Is sex being 'over-medicalized'?

While women are flocking to doctors asking what's wrong with them, many experts are pointing...

While women are flocking to doctors asking what's wrong with them, many experts are pointing fingers back at their patients. (Shutterstock.com)

QMI Agency

, Last Updated: 11:10 AM ET

Women around the world are increasingly suffering from low sex drive, and many often feel guilty about it. But with pharmacies rushing to market new drugs to help fix the problem, some groups are concerned about the over-medicalization of sex.

A 2008 study from the journal of Obstetrics and Gynecology found that nearly half of all women suffer from one sexual disorder or another. A more recent study from the International Society for the Study of Women's Sexual Health found that nearly one in ten women report low sexual desire and experience emotional distress because of it.

But while women are flocking to doctors asking what's wrong with them, many experts are pointing fingers back at their patients. Drugs and lifestyle are big factors when it comes to sex drive.

The explosion of birth control pills since the 1960s could be part of the explanation, some experts say. Birth control pills increase a chemical in the blood that binds with testosterone, one of the central hormones associated with desire. No testosterone means no sex drive.

But that's only part of the explanation.

Petra Boynton, a social psychologist at the University College London, told Reuters in February there are many factors that can cause low sex drive. Not all of them are diagnosable and treatable from a pharmaceutical standpoint.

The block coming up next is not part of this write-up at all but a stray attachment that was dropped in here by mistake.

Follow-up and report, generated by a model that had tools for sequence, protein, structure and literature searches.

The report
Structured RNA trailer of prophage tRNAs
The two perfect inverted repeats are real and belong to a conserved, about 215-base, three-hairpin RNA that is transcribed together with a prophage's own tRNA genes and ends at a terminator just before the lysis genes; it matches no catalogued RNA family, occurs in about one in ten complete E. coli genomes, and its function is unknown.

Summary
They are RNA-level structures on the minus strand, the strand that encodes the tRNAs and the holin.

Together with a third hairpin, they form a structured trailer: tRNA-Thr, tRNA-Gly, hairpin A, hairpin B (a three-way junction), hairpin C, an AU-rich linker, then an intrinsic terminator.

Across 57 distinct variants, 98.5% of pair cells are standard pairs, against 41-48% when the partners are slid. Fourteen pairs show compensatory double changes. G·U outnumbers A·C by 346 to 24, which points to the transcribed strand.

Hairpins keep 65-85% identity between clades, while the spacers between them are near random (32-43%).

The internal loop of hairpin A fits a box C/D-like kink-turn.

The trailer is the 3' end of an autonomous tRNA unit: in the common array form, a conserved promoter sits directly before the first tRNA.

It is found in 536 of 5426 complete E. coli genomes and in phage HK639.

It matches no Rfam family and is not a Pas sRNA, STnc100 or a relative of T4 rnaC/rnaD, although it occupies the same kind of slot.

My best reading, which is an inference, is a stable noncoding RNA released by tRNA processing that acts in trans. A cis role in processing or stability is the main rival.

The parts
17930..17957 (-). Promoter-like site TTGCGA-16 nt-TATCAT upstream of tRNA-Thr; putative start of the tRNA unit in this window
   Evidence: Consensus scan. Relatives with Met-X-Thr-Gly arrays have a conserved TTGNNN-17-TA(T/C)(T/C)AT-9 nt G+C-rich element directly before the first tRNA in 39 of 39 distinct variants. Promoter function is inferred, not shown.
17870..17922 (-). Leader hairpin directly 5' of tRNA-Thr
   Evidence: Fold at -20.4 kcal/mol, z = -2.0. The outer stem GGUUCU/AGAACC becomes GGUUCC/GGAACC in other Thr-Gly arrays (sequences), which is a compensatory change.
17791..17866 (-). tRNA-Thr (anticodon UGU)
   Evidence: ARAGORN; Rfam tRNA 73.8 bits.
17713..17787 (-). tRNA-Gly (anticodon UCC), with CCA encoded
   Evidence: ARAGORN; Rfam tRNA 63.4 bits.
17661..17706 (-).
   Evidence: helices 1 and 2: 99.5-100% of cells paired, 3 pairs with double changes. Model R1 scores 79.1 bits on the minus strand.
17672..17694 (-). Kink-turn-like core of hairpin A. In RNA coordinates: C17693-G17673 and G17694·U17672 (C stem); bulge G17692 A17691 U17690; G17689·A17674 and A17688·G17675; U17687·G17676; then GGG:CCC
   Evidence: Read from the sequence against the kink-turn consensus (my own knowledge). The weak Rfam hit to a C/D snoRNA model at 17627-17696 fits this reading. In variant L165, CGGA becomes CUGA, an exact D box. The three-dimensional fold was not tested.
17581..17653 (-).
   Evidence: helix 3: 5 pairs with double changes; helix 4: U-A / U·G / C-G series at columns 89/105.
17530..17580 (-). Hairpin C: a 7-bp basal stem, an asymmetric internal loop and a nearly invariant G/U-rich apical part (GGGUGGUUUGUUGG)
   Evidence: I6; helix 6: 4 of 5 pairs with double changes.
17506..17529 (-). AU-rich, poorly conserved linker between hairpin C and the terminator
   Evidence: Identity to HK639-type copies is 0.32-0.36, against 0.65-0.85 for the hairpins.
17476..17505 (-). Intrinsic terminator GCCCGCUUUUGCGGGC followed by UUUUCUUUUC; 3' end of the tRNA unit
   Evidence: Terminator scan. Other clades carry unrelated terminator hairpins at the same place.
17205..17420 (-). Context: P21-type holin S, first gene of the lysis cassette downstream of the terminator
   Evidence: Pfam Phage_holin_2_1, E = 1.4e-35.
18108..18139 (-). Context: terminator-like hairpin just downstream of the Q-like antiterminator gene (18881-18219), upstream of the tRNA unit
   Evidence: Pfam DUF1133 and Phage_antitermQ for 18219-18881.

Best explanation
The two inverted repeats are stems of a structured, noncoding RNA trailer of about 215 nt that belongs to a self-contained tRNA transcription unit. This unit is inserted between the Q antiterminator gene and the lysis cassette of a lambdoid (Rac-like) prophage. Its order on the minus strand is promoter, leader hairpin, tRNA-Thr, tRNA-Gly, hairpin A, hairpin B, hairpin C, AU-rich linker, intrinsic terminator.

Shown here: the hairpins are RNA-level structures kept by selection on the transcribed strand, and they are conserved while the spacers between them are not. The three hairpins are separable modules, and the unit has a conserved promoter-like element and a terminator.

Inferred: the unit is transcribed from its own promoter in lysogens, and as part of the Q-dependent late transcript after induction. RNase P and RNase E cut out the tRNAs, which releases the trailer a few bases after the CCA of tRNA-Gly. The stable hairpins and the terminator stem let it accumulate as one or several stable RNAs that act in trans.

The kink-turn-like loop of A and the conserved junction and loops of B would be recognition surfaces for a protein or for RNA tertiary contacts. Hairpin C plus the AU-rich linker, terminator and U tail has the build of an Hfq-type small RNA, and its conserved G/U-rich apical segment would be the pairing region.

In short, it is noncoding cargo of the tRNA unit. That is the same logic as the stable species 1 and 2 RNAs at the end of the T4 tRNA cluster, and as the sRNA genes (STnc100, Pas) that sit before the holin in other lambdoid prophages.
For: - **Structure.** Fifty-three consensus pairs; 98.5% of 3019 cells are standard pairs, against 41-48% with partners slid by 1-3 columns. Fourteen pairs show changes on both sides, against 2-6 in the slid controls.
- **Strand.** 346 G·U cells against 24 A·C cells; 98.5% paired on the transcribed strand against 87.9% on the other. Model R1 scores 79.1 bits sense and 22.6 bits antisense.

"In truth there is lots of detailed and interesting research on women's sexuality that specifically addresses the many issues that may cause low sexual desire - like pregnancy, menopause, bereavement, divorce, a lack of privacy or poor body image."

While conditions like vulvar vestibulitis - chronic vaginal pain associated with sexual activity - are serious and can require treatment, Jan Shifren, a doctor at Massachusetts General Hospital, says not everyone with low sex drive should be told they have a condition.

"Women in good relationships who are physically and psychologically healthy are generally satisfied with their sex lives," she told ABC News in April.

Other experts blame stress related to the economy, raising a family and popular expectations for the perception of a low sex drive. Thinking about money, after all, is a huge buzz kill.

But part of it could also come down to pure unreasonable expectations. Maybe we're just not meant to have as much sex as we think we are - or as much as Tiger Woods.

New York-based sex expert Judith Steinhart told ABC that MTV videos and other forms of popular culture pressure young people to be "sexpots" and it's difficult to move out of that mindset.

"Is it a lack of sexual desire or do we have expectations that we are supposed to be hypersexualized women at 16, 26, 36 and so on?" she asked.

In the end, the best way to a good sex life is also the best way to a long life.

According to Jean Koehler, president of the American Association of Sex Educations, Counselors and Therapists, taking care of yourself can be the number one libido booster, and more effective than any drug regimen.

"Nothing sinks the libido of a physically and emotionally healthy woman faster than lack of sleep, poor eating habits and/or sedentary lifestyle," she told Shape Magazine.

So while pharmaceutical companies are gearing up to market a form of Viagra to women, and the male versions rack up billions in sales every year, many doctors are recommending one thing to members of both sexes who want a better sex life: eat well and exercise regularly.


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